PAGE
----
Here, we jump into a story that at first glace seems to be traditional horror fare from Lovecraft. We have our monster hunter/ ghost hunter narrator (who is made to be unreliable because of his ambiguous motives. He is surrounded by death, and every person he recruits to help him dies, or mysteriously dispersal, but yet he soldiers on, for reasons unknown) who is seeking out his “Lurking Fear” whom he thinks is using an the old Martense Mansion as it’s diabolical abode.
He hires some muscle, whom he has been with before on different cases. And they go to the Mansion. While sleeping there, they disappear. Then he hires another man, and while they look out into the forest, the helper stands at the window and is unresponsive. When our narrator shakes him, thinking him asleep, he discovers that something ate his face off whilst he looked out the window.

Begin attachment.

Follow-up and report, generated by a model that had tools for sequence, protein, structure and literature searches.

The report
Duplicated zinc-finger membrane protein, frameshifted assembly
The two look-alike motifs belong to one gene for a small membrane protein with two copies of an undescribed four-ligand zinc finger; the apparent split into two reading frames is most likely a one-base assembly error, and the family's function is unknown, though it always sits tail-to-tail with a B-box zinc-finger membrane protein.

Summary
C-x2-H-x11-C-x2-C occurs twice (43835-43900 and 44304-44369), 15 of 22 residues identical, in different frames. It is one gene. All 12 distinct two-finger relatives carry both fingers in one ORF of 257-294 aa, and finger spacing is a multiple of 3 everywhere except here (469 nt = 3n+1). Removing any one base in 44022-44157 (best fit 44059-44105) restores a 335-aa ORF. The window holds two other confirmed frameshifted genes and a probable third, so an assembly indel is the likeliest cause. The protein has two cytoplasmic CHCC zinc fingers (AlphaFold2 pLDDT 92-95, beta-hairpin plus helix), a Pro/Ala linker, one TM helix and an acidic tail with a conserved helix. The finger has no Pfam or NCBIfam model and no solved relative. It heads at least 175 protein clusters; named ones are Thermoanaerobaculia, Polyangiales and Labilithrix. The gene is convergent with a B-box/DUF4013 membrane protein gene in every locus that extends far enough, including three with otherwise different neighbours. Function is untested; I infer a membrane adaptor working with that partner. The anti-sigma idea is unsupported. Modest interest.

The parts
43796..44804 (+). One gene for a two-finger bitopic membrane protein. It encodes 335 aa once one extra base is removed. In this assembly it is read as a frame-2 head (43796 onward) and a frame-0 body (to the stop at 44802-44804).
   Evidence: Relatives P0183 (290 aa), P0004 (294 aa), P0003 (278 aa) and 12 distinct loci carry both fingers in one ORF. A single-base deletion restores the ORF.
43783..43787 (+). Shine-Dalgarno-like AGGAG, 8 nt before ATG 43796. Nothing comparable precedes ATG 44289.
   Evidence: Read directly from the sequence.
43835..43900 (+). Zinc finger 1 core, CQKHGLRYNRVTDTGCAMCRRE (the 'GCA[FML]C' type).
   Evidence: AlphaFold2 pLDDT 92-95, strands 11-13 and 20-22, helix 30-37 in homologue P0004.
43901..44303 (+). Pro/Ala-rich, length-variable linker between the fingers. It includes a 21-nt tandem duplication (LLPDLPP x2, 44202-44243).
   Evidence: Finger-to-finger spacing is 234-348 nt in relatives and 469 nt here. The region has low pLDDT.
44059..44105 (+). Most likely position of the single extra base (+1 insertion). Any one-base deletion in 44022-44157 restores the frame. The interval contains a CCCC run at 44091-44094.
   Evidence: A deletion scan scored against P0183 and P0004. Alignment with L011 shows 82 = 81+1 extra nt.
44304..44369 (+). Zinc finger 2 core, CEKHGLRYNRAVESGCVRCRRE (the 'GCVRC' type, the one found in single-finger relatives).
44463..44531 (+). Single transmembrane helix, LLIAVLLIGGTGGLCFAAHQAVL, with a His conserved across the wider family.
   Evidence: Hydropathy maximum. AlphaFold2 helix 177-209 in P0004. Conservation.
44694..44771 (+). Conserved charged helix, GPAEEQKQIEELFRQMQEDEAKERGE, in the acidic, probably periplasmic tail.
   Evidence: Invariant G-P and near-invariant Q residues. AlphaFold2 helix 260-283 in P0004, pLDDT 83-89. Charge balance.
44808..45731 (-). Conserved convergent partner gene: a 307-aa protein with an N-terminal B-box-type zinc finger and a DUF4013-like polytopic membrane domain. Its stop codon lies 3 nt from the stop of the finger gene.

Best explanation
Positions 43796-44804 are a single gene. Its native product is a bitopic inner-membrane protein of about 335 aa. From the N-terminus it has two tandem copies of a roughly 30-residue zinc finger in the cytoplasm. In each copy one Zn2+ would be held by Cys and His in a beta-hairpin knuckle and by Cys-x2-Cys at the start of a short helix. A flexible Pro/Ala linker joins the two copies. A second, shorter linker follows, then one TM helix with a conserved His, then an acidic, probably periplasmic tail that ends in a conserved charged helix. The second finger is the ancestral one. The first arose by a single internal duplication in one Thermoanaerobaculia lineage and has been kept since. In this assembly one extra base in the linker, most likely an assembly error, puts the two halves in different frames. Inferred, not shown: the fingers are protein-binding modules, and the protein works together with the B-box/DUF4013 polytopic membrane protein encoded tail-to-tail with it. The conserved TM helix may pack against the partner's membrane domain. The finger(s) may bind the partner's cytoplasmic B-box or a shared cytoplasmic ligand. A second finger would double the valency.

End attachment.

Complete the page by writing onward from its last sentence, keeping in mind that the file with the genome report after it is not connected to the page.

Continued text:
Then our narrator is convinced that the perpetrator is the ghost of one of the previous residents of the Mansion, Jan Martense, whom supposedly died by lightning strike. Our narrator finds nothing during his exhumation except for ashes. But he does find a passageway, some deep tunnel that he sees a horrible paw of some unknown creature.
During this time there is another storm and a shack is burned to the ground. The squatters who lived there tell our narrator that a creature burned up in the shack and it had one victim. Searching the ashes, our narrator finds the squatter victim, and what looks like a human skull. Curious.